Guest Review by Anthony Bannon
She has the name of a star and the talent to go with it.
A Fulbright Scholar to the University of Missouri master’s program in the School of Journalism, the young Romanian photographer has developed her thesis project on a theme of “Chautauqua Dream World.”
Visitors to Chautauqua often marvel upon its idyllic qualities, so dreamworld Chautauqua may seem a commonplace to the seasoned visitor.
So often, though, it takes the eyes of the stranger to present a new vision. A native of the beautiful northern city of Cluj-Napoca, Romania, Roxana Pop’s Chautauqua discoveries present such a new vision: Sometimes of old songs — just rendered in new voice: Kids at a cottage window on a cold day, sunset viewed by a couple at the lake, the scene amplified by a red flair on the Fourth of July. She makes it special. The American flag, so prominent here, with bunting and a child on a bike.
Pop has good instincts for a telling subject. She has the curiosity to move backstage, such as with a young staffer making a bed in the Athenaeum, or the raising of a tent as if it were the flag at Iwo Jima.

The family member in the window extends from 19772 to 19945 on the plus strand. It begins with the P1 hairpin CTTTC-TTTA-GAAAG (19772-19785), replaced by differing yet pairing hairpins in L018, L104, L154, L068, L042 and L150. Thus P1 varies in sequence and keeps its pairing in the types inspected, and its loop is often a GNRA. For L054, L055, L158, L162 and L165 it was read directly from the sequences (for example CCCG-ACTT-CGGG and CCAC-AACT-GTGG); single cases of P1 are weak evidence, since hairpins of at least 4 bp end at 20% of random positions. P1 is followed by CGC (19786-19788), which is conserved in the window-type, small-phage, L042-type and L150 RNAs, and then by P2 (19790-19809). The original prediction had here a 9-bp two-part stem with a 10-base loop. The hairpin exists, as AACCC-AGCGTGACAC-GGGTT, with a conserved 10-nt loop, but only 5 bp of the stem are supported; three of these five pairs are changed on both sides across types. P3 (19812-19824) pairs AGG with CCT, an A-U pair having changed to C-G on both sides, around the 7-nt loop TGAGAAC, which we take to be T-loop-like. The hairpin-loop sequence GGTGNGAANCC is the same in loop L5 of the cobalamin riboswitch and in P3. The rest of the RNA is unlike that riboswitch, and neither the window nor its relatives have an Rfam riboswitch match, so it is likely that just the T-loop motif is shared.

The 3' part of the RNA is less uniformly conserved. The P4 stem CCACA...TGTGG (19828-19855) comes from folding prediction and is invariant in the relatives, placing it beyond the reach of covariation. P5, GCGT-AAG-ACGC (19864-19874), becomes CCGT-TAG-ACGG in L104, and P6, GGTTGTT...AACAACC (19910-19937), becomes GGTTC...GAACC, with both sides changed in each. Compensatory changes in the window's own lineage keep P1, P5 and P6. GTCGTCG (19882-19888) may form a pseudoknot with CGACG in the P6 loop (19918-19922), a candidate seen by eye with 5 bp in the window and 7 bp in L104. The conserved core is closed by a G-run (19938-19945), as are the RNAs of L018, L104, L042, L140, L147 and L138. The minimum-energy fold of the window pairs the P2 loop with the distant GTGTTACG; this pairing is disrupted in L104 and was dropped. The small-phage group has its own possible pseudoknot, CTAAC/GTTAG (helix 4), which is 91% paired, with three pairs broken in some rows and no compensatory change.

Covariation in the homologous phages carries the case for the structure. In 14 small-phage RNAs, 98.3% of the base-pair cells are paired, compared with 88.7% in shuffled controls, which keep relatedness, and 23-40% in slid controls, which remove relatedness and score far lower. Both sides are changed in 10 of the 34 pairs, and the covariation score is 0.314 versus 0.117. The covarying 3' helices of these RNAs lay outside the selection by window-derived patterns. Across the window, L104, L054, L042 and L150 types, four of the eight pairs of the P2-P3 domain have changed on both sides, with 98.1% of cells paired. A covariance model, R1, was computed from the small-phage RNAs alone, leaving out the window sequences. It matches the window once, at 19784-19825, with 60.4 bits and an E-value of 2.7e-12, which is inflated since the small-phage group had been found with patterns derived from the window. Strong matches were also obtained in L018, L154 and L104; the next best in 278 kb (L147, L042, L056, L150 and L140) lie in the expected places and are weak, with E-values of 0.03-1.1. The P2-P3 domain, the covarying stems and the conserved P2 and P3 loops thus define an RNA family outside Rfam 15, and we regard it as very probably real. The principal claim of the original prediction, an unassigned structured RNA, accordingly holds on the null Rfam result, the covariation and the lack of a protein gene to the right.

And when she gives light its full account, her work takes an even stronger stand — nightview by streetlight, the geometry of fake candles at a Chautauqua Literary and Scientific Circle ceremony, a child napping on a wicker porch couch. These parts portray the whole, though most tellingly, is just two knees against the wall of a day sailor.
Her showing, including the fast draw of smartphone images, continues through Friday in the Hultquist Center, and she has returned to teach a workshop on her medium on the grounds.
Pop interned here as a photographer for the Daily in 2013 and returned the following summer to find her muse and create the images for her degree. Viewers can find additional Chautauqua images she makes this summer posted on the AARP Instagram this week.
Anthony Bannon is the executive director of the Burchfield Penney Art Center at SUNY Buffalo State. He previously was the art critic for The Buffalo News and director of George Eastman House, the International Museum of Photography and Film in Rochester, New York.